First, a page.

I am a PhD student studying seismology at the Lamont-Doherty Earth Observatory at Columbia University. My research focuses primarily on surface-wave imaging of the oceanic lithosphere-asthenosphere system using ocean bottom data. I am interested in the structure and evolution of the oceanic upper mantle, including how the lithosphere forms and evolves, the nature of the lithosphere-asthenosphere boundary, and in situ constraints on mantle petrofabrics. I also have an interest in using data visualization and sonification techniques to better understand complex datasets and as a tool for science communication.
MA in Seismology, 2017
BS in Physics, 2015
University of Missouri - Columbia
The goal of this project is to comprehensively characterize the anisotropic structure of ~70 Ma oceanic lithosphere. This will help us better understand mid ocean ridge processes as well as the evolution of oceanic lithosphere.
We have developed a new tool called OBSrange for precisely locating ocean bottom seismometers (OBS) on the seafloor. The tool is written in both Python and MATLAB and open for use by the scientific community.
The goal of this project is to better understand the anisotropic structure of old Atlantic lithosphere.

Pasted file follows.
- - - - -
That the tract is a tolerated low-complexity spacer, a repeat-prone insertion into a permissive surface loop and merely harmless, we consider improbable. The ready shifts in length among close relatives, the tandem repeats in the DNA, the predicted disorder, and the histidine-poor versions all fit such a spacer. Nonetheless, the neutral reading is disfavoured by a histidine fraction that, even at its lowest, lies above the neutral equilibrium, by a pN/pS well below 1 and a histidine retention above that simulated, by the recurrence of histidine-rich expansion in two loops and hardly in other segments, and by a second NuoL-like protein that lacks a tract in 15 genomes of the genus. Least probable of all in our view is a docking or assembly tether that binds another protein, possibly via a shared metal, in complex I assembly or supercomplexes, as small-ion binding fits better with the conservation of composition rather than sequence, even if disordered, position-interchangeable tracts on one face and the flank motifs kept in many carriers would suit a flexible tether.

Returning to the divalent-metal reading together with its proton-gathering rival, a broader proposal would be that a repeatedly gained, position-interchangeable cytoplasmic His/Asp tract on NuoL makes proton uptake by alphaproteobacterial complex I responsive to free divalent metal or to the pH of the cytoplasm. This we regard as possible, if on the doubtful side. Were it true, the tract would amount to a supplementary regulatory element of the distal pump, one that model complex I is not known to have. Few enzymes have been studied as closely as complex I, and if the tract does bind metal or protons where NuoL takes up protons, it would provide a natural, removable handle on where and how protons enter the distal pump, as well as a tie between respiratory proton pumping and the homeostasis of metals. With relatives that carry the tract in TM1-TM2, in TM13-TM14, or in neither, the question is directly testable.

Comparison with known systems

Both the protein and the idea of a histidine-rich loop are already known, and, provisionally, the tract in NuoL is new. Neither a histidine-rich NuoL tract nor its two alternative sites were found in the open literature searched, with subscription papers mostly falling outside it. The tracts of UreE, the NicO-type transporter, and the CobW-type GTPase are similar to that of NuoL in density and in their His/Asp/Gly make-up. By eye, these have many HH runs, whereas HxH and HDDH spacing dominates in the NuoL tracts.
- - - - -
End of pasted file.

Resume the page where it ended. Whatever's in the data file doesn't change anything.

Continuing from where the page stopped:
Love wave propagation is complex in oceanic environments due to the pronounced low velocity zone (LVZ). I work to better understand these complexities in order to make use of Love wave observations in oceanic environments.
After a large earthquake, Earth’s normal modes vibrate like waves on a guitar string. If the earthquake is large enough, the Earth can ‘ring’ for days or weeks. This video demonstrates both visually and sonically these free oscillations of the Earth.
Earthquakes produce seismic waves that are recorded by seismometers. I work with the Seismic Sound Lab at Columbia University to turn these seismic data into sound!
The earth sciences are particularly visual, and often figures produced are quite literally ‘works of art’. Research as Art aims to showcase this scientific art from researchers across the Lamont-Doherty Earth Observatory community.